Time travel is a staple of science fiction stories, but is it actually possible? It turns out nature does allow a way of bending time, an exciting possibility suggested by Albert Einstein when he discovered special relativity over one hundred years ago. Colin Stuart imagines where (or, when) this fascinating phenomenon, time dilation, may one day take us.







  • dilation – the action or condition of becoming or being made wider, larger, or more open
  • commonplace – not unusual; ordinary
  • beam – a ray or shaft of light
  • carriage – any of the separate sections of a train that carry passengers
  • to elapse – (of time) pass or go by
  • miniscule – extremely small; tiny
  • to hurtle move or cause to move at high speed, typically in an uncontrolled manner
  • enormous very large in size, quantity, or extent



Ask and answer the questions below in pairs or with your teacher.

  • Do you think time travel is possible? Why or why not?
  • If you could go back in time and change the course of history, where (and when) would you go and what would you do?
  • If you could go into the future, would you? If so, when and where? If not, why not?
  • If you could time travel into the future, what is the one thing you would like to see invented/achieved/discovered/solved or done when you got there? Why?
  • What do you think might be some risks associated with time travel?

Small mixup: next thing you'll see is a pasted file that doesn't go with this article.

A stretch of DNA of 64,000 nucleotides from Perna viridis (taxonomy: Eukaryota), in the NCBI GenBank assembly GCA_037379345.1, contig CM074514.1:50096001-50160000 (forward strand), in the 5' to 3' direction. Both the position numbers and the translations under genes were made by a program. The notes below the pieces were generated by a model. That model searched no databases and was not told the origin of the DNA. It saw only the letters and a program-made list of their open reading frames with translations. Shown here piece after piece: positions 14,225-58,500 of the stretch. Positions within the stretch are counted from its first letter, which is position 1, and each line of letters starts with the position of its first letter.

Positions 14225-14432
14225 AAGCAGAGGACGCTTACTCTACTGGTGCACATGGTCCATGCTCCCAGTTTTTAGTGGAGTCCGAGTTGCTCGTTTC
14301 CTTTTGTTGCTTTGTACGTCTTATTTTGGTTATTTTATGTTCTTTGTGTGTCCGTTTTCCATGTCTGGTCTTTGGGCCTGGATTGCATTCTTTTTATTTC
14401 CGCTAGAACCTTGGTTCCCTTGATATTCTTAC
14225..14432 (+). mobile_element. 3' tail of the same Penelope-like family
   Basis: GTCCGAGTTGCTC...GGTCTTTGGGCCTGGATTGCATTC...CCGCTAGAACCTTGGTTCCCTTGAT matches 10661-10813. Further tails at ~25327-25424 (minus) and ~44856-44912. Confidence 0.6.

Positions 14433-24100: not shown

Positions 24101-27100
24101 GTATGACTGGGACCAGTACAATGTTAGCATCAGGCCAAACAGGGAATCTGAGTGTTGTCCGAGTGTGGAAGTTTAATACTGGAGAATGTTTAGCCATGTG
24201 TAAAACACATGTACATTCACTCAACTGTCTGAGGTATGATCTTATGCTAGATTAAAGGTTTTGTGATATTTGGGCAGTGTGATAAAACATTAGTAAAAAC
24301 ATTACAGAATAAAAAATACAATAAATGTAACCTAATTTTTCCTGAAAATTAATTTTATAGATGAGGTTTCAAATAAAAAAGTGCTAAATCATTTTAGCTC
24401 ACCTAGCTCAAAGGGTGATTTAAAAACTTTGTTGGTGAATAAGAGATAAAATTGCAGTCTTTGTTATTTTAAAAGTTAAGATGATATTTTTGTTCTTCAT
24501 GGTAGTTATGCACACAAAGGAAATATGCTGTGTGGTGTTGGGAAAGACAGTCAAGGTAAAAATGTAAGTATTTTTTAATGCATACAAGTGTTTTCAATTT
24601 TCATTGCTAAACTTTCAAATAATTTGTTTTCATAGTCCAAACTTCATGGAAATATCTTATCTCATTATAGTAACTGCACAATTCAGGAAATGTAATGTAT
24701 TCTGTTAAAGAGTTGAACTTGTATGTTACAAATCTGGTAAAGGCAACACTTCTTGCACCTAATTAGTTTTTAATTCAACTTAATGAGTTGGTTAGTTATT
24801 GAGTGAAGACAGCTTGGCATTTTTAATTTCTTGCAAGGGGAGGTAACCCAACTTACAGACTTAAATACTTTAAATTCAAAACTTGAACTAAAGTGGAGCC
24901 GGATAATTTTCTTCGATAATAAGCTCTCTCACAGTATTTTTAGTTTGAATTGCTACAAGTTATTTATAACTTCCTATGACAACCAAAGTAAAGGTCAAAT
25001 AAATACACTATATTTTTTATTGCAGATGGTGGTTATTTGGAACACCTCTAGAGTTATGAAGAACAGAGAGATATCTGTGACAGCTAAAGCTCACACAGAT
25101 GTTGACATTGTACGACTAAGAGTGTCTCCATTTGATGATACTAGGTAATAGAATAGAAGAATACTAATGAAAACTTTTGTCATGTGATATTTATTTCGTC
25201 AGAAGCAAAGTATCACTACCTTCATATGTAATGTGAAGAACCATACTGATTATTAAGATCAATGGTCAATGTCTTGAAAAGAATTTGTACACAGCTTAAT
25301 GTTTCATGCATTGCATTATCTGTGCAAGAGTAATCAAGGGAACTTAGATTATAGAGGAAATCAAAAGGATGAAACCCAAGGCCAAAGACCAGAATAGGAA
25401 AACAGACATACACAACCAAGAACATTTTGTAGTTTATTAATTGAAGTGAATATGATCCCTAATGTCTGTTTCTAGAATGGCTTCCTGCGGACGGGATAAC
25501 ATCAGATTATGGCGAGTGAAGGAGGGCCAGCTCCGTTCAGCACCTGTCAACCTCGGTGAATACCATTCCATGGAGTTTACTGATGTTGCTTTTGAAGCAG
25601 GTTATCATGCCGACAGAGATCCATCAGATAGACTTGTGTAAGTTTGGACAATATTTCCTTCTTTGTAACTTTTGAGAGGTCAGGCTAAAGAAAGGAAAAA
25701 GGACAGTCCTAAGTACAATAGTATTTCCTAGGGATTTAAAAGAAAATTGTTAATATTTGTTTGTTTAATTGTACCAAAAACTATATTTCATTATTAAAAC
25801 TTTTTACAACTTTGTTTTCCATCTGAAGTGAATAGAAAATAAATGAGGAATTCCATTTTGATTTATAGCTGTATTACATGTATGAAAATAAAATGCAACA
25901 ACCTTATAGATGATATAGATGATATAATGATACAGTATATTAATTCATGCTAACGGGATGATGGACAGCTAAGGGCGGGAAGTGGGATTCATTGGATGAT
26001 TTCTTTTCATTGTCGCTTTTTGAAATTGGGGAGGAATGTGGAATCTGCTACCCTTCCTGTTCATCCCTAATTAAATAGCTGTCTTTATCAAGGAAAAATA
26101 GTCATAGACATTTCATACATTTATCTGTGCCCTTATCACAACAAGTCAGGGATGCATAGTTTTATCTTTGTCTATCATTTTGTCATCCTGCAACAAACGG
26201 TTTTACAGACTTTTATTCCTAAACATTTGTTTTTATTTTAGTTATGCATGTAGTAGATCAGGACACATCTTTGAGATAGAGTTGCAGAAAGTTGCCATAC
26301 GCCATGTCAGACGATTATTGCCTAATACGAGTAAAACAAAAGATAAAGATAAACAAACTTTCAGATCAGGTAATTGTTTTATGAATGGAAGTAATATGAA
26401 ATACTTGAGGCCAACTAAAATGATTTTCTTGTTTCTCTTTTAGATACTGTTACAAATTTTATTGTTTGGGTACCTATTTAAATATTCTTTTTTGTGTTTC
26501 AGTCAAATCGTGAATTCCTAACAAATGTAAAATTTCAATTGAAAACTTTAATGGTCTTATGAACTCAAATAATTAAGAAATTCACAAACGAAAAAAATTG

Practice Makes Perfect

COMPREHENSION: Watch and listen – choose the correct option for questions 1-5. Then, in pairs, take 3-5 minutes to brainstorm question 6 and report your ideas to the rest of the group. Go to TED-Ed to find out more.


1. How many seconds did Sergei Krikalev time travel into his own future?

A 0.01 seconds

B 0.02 seconds

C 0.03 seconds

D 0.04 seconds


2. What effect might make significant time travel to the future commonplace one day?

A Time alleviation

B Time relaxation

C Time dilation

D Time degradation


3. In which theory does Albert Einstein put forward his ideas on the nature of time?

A Special relativity

B General relativity

C Clock relativity

D Space relativity


4. How many millionths of a second each day would the satellites of the Global Positioning System be wrong by if the time dilation they experience due to their speed was not corrected for?

A 3

B 7

C 11

D 15


5. If you traveled around space at 99.9999% of the speed of light, for what seemed to you like 10 years, roughly what would be the year on Earth when you got back?

A 2900

B 4090

C 7990

D 9000


6. Think about what it might be like for someone from the 21st century arriving back to Earth in the year 9000. Can you see any problems they might encounter? Imagine if someone from 7000 years ago arrived now.


1. B  2. C  3. A  4. B  5. D


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